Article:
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June 25, 2008

What to Consider When Starting a Business

Murray Low
Director, The Entrepreneurship Program
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As I wrote in a previous post, our recent Lang Center survey showed that starting multiple businesses is an important predictor of entrepreneurial success.

One thing I encourage students to do when looking to start a business is that they must temper their idealism with a bit of realism. For instance, those who start businesses in search of autonomy may find themselves jumping through hoops for a host of customers, bankers, investors and employees. Challenge, excitement and creativity are surely part of the experience, but entrepreneurship is also a lot about slogging through the tough times.

Having a great business idea is a good start, but very few ideas are compelling strokes of original genius. Most initial business concepts go through significant revision as the idea moves into reality. And it is rare for a business to unfold according to plan.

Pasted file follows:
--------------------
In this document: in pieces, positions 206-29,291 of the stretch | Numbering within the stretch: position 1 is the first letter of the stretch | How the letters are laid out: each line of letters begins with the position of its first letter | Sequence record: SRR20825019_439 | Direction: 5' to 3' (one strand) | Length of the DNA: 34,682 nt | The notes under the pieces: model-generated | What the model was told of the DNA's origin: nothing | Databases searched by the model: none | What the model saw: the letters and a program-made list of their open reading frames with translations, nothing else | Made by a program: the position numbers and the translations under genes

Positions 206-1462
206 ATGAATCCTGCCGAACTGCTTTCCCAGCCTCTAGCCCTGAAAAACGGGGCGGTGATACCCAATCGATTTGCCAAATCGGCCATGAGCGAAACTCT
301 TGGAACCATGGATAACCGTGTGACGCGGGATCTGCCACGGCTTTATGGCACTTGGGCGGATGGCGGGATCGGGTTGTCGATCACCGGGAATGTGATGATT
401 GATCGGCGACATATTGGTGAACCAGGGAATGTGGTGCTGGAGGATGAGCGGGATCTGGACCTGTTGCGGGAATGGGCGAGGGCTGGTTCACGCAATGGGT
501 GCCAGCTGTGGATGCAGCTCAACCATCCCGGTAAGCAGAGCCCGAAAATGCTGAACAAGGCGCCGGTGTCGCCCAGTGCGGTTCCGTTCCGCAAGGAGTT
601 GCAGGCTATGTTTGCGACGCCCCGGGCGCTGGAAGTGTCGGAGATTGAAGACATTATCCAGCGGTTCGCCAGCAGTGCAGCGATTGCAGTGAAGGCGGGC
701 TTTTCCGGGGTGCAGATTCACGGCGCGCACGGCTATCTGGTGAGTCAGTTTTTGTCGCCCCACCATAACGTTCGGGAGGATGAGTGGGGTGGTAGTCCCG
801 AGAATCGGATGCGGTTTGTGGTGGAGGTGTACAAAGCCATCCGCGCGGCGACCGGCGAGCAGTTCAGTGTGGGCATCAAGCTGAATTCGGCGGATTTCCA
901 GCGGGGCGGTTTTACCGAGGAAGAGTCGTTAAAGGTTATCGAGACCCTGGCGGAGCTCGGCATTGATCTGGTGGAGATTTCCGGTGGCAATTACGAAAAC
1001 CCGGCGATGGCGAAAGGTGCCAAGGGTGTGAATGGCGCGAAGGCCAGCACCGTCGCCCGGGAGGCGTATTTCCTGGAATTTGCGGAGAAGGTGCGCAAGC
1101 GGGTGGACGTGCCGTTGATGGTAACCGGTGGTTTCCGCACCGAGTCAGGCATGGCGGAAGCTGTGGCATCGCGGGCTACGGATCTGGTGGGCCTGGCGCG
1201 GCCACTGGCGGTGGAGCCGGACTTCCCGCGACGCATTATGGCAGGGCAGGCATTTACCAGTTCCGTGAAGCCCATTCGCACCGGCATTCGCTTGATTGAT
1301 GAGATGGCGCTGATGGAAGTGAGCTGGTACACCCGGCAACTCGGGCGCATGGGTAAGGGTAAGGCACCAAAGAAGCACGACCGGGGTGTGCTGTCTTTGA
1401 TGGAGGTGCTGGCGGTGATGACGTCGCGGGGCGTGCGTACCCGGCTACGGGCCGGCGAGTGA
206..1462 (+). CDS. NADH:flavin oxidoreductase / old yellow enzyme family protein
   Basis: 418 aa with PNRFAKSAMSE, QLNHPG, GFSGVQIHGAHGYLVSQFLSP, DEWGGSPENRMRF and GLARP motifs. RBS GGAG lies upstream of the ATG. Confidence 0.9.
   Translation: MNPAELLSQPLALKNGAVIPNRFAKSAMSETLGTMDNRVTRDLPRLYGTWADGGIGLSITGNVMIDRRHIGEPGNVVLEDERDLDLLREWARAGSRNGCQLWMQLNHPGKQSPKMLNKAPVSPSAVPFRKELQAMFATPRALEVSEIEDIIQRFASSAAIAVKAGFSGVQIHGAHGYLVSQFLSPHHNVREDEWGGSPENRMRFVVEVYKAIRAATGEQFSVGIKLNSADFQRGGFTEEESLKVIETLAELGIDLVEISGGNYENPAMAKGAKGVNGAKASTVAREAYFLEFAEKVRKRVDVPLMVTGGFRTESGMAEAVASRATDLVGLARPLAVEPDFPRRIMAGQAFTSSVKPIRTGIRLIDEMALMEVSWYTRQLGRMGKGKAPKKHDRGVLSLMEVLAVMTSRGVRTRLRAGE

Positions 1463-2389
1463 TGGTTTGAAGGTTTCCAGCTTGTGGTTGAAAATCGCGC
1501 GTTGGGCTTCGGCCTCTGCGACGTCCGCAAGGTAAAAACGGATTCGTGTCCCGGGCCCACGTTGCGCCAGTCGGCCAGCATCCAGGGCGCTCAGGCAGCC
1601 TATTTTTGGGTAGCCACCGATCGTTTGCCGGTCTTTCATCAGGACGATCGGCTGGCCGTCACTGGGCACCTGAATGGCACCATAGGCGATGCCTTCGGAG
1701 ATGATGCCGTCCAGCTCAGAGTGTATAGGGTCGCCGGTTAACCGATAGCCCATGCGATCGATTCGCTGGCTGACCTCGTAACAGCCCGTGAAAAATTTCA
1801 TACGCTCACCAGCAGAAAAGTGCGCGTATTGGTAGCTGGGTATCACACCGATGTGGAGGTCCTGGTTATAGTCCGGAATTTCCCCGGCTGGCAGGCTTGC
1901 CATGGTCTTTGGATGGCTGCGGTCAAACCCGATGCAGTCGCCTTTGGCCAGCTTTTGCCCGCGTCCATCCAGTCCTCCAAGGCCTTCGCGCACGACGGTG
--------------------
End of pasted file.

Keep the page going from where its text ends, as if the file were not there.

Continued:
However, that original idea will get students into the venturing corridor, where one opportunity leads to another. Those who start with the long-haul view of building something significant have the right mindset for dealing with the ups and downs of an entrepreneurial career.

Comments

by Zahra Stavis | June 26, 2008 at 10:50 PM

Starting a business online can help with striking on a successful formula. I've heard that it can be evident within the first 15 days of starting a dot com whether it will be a successful business. Likewise, it is easier to manipulate the formula until one strikes upon a successful one, and online businesses can be more cost effective.

by Judy Udeze | July 01, 2008 at 5:31 AM

This post is a very good sounding board for 'venture-shy' entrepreneurs who often fail on implementation after concieving that brilliant business idea due to lack of realism in their business planning. A lot of times, business people need plain guts, perseverance and restrategising to reflect or deviate from original path for basic survival and relevance.

by Andrew Arbenz '73 | July 13, 2008 at 10:08 AM

Good post!

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